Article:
Locally, there's an evening league run during the summer, sponsored by Chevin Cycles (website) which many club members ride

The League of Veteran Racing Cyclists

The League of Veteran Racing Cyclists (LVRC) promote racing for riders aged 40 or over, based upon age groups. In a LVRC (or "vets") race, you'll be racing against riders of a similar age. This provides some levelling of the playing field, but cycling is one of those sports in which increasing age has relatively little impact on performance; so as a newcomer you might find yourself up against ex regional or national champions who just happen to be a similar age to you. Races are normally open to two or three five-year age groups, so an event may include a 40-49's race, a 50-59's race, and an over 60's race. Within each one, places and prizes will be awarded to the top finishers in each five-year age band.

So what are the different sorts of races?

In its simplest form, a road race will be a bunch start race over a set distance - normally a number of laps of a road circuit which includes only left turns at junctions. As a beginner, races will normally be between 30 and 60 miles. If it's a BC or LVRC race, the composition of the field will depend on the categories or age groups. You won't usually have more than 60 riders starting together. Roads are still open to the public, so there will be a lead car in front of the race, and a following car behind the main bunch. There will be marshals at junctions and danger-spots, but they are there just to offer warnings - not to stop oncoming traffic. You'll be expected to follow the rules of the road at all times - such as keeping to the left of central markings - and if you drop out of the main bunch then you're on your own.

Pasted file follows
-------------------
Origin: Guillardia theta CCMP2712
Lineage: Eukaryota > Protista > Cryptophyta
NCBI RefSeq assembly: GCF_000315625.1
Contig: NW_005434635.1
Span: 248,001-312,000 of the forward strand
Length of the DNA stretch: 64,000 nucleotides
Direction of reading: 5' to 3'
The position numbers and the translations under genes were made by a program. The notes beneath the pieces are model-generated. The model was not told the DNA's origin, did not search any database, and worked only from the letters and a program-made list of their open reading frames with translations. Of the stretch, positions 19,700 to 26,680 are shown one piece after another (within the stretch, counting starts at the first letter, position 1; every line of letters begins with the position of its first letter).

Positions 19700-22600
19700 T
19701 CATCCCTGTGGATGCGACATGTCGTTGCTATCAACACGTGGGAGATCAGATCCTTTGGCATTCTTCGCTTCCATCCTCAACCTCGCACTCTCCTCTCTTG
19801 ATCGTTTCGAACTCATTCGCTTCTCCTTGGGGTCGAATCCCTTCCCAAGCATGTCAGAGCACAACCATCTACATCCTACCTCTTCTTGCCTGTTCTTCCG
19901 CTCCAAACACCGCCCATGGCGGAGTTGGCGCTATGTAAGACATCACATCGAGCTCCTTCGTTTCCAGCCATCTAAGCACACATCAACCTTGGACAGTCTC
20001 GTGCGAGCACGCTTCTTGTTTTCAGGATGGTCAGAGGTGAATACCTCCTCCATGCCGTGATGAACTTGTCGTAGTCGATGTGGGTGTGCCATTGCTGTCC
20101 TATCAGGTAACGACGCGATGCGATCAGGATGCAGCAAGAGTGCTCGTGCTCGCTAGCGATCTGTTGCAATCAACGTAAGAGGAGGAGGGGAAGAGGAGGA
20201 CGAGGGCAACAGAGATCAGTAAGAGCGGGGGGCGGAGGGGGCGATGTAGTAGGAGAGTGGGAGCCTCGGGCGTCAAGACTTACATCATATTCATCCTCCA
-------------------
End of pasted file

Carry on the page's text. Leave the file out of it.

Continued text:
As already noted, TLI races are usually handicapped, with riders setting off in age/ability-related groups with time gaps between; the slowest riders first, leading up to the fastest ("scratch") group setting off last. The race organiser will try to set the time gaps - taking into account rider abilities, size of groups, length and difficulty of race - so that all of the groups come together before the end. Where this is done with the aim of the race all coming together at the finish, it's called an Australian (or Aussie) Pursuit. Both BC and LVRC also promote handicapped events. With BC they are called Regional C or C+ events and the riders categories are used to decide on grouping. LVRC handicapping is done by age group.

In addition to races held on public roads, all of the above bodies promote events on non-road circuits. These tend to be either motor-racing circuits (such as Croft or Mallory Park) or other safe circuits - Hetton Lyons uses a track around a country park. These have the advantage that you're not worrying about oncoming cars or running off the road into someone's garden wall, but the racing can often be very close and frantic, as they're shorter - races will be something like an hour plus one lap, or similar.